Queen lays out Thatcher's new policies
Amid pomp and ceremony, Prime Minister Margaret Thatcher has published her government's policies in preparation for what is likely to be a general election to be held next year. The policies, outlined by Queen Elizabeth II in the traditional yearly speech from the throne to Parliament, amounted to an attempt to trip up Mrs. Thatcher's Labour and Liberal-Social Democrat opponents by placing the emphasis on a new effort to reduce taxation and to promote law and order.
Government ministers were confident that the pre-election package of measures was being revealed at a favorable time for Thatcher, who has held office continuously since 1979.
Recent public opinion polls have shown the Tory government edging ahead of the Labour Party and the Social Democratic-Liberal Alliance despite solid attempts by the government's opponents to give the impression that Thatcher has run out of new political and economic ideas.
The Queen's speech, written by the Prime Minister and her advisers, promised a new drive to reduce taxation, to hold down inflation, and to curb unemployment. It also promised help for crime victims, powers for the courts to confiscate profits of serious crime, and tougher penalties for criminals using guns.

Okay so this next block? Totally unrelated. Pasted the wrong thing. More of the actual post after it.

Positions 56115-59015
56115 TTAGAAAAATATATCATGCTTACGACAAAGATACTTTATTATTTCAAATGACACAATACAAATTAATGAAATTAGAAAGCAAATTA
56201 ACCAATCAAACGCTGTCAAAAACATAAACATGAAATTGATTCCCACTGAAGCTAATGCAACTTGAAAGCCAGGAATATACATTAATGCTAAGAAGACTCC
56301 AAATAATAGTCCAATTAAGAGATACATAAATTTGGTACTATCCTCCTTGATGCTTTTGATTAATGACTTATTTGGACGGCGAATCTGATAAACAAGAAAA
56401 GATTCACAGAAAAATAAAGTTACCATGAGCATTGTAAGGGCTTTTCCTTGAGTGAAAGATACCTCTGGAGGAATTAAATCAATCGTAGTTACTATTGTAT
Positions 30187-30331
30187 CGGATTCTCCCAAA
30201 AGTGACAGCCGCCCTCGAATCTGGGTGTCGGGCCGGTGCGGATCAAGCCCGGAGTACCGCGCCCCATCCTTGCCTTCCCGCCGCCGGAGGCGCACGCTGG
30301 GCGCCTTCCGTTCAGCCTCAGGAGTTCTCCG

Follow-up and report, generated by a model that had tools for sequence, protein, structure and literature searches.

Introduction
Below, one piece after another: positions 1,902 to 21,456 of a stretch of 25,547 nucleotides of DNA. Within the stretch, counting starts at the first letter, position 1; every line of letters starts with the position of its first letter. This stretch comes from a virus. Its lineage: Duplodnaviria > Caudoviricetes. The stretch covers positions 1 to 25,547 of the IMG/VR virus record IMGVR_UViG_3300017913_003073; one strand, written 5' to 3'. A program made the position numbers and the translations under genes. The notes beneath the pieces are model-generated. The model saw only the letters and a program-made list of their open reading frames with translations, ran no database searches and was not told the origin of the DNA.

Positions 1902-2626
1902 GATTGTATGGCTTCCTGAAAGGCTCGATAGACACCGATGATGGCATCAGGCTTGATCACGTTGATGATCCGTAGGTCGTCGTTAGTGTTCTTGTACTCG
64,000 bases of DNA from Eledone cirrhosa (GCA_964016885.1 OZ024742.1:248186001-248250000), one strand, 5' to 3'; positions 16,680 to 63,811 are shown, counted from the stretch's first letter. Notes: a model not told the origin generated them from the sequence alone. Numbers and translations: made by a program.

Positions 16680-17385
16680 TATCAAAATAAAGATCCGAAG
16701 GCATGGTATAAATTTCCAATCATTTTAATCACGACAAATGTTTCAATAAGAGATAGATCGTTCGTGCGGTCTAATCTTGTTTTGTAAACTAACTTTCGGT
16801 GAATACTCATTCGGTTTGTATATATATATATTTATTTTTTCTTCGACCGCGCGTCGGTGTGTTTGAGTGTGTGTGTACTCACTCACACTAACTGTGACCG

Significantly, the speech promised that the government would continue to maintain Britain's defenses and play a full part in the Atlantic Alliance. This was directed at the Labour Party, which wants Britain to go nonnuclear and modify relations with NATO.
Through the Queen, Thatcher also served notice that in the run up to the general election, which insiders believe will be held within the next 12 months, she will reform the system by which schoolteachers negotiate their pay and conditions of service. For nearly three years, the teachers and the government have disputed these points. The government is likely to gain votes by instituting a system that may eliminate, or at least reduce, strikes and stoppages in the classroom.
The Queen's speech also promised a reform in trial by jury system. The reform aims to reduce the number of types of cases that juries need to hear. This drew immediate criticism from civil liberties groups. They said trial by jury was a longstanding right under British law that had steadily eroded over the past 20 years.
In all, 19 bills were foreshadowed in the speech. These were parceled into groups to be carried out in stages. This gives Thatcher the option of calling a general election next spring or in the autumn with a coherent body of new laws on the statute book.